On day three of my whistle-stop tour of three east European states about to join the EU, I have been finding out about the Polish economy and links it has with Northern Ireland.
With 20% unemployment, and a GDP per capita modest even by the standards of the new member states, Poland has much to do to make up ground on the established members of the EU.
Warsaw's Palace of Culture is one of the city's landmarks
But there are indications that the economy is beginning to show real signs of growth.
Last year the rate of economic growth was more than 3.5%, and this year it is expected to be closer to 5%.
Julia Longbottom, the director for trade and investment, and consul general at the British Embassy in Warsaw, says that accession to the EU will have a very positive effect.
"UK exports to Poland went up by 10% last year," she said.
"That's their first rise for nearly seven years. Polish exports to the UK went up by over 20%.
"Polish exports are performing very strongly. We have to bear in mind that at the beginning of the 1990s, Poland's main markets were to the east. Now they are in the opposite direction.
"That is a major shift in just the last 14 years."
Ms Longbottom says Polish people have a reputation for being energetic and dynamic, and are very ready to adapt to changing circumstances.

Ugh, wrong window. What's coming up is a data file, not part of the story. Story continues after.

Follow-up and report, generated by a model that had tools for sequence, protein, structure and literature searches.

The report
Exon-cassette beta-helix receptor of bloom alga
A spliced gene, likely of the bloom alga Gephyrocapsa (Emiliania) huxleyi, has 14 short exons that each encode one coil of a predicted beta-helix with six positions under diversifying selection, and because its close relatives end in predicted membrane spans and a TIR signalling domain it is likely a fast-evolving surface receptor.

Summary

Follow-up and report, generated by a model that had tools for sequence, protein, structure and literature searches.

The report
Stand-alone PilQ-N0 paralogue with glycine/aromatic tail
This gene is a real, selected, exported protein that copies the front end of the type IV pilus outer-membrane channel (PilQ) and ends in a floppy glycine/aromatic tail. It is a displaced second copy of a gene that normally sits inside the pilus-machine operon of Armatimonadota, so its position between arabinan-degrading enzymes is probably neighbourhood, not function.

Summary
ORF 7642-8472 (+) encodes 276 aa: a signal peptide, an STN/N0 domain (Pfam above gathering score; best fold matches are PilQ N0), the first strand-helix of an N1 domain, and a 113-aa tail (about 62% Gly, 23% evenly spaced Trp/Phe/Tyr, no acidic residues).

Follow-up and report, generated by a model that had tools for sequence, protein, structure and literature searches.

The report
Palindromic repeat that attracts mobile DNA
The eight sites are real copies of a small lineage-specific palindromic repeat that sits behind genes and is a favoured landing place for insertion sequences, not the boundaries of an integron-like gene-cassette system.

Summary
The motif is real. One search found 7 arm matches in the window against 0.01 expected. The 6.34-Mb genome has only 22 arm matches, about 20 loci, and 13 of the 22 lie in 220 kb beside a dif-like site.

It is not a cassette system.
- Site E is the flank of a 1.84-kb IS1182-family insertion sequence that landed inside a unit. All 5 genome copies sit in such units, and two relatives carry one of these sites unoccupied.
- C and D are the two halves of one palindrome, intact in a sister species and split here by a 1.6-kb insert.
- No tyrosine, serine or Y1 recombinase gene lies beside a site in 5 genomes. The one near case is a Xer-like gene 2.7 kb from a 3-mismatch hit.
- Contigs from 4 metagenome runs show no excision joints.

A sign of that is the spread of English, which has become the most important foreign language.
It is being learned by many young Poles, who see it as a necessary skill in the world of business.
The UK is still only sixth on the list of foreign investors in Poland, and historically UK companies have not regarded it as a natural market.
But there are exceptions.
Tesco have invested over one billion dollars during the past six years, and a few days ago they opened their 39th Polish hypermarket in the city of Lublin.
There is also a growing number of UK companies outsourcing production to Poland.
The Lisburn firm Boomer Industries is an example.
They make high quality plastics and PVC products, and they have reached an agreement with a firm in Poznan to take over some of their manufacturing output, freeing up much-needed capacity at the Northern Ireland plant.
UK and Irish companies are well-regarded by the Poles, so that they have a head start when it comes to doing business here.
Poles say they are ready for the challenges of EU membership
Julia Longbottom says that there is a great deal of potential for exporters throughout Ireland in the Polish market.
Among the sectors where opportunities exist are construction, waste water management, and railways, where a lot of modernisation is required.
Another area is that of ports and logistics. Poland's first deep water container terminal is currently being developed by a UK company the northern port of Gdansk.
The UK's biggest export to Poland is automotive parts, to supply many of the international car makers which have set up manufacturing plants here.
"Poland has a population which is four times the size of the next largest country among the new member states," says Julia Longbottom.
"It has a highly skilled and very industrious workforce. As a market, it's an important place to be."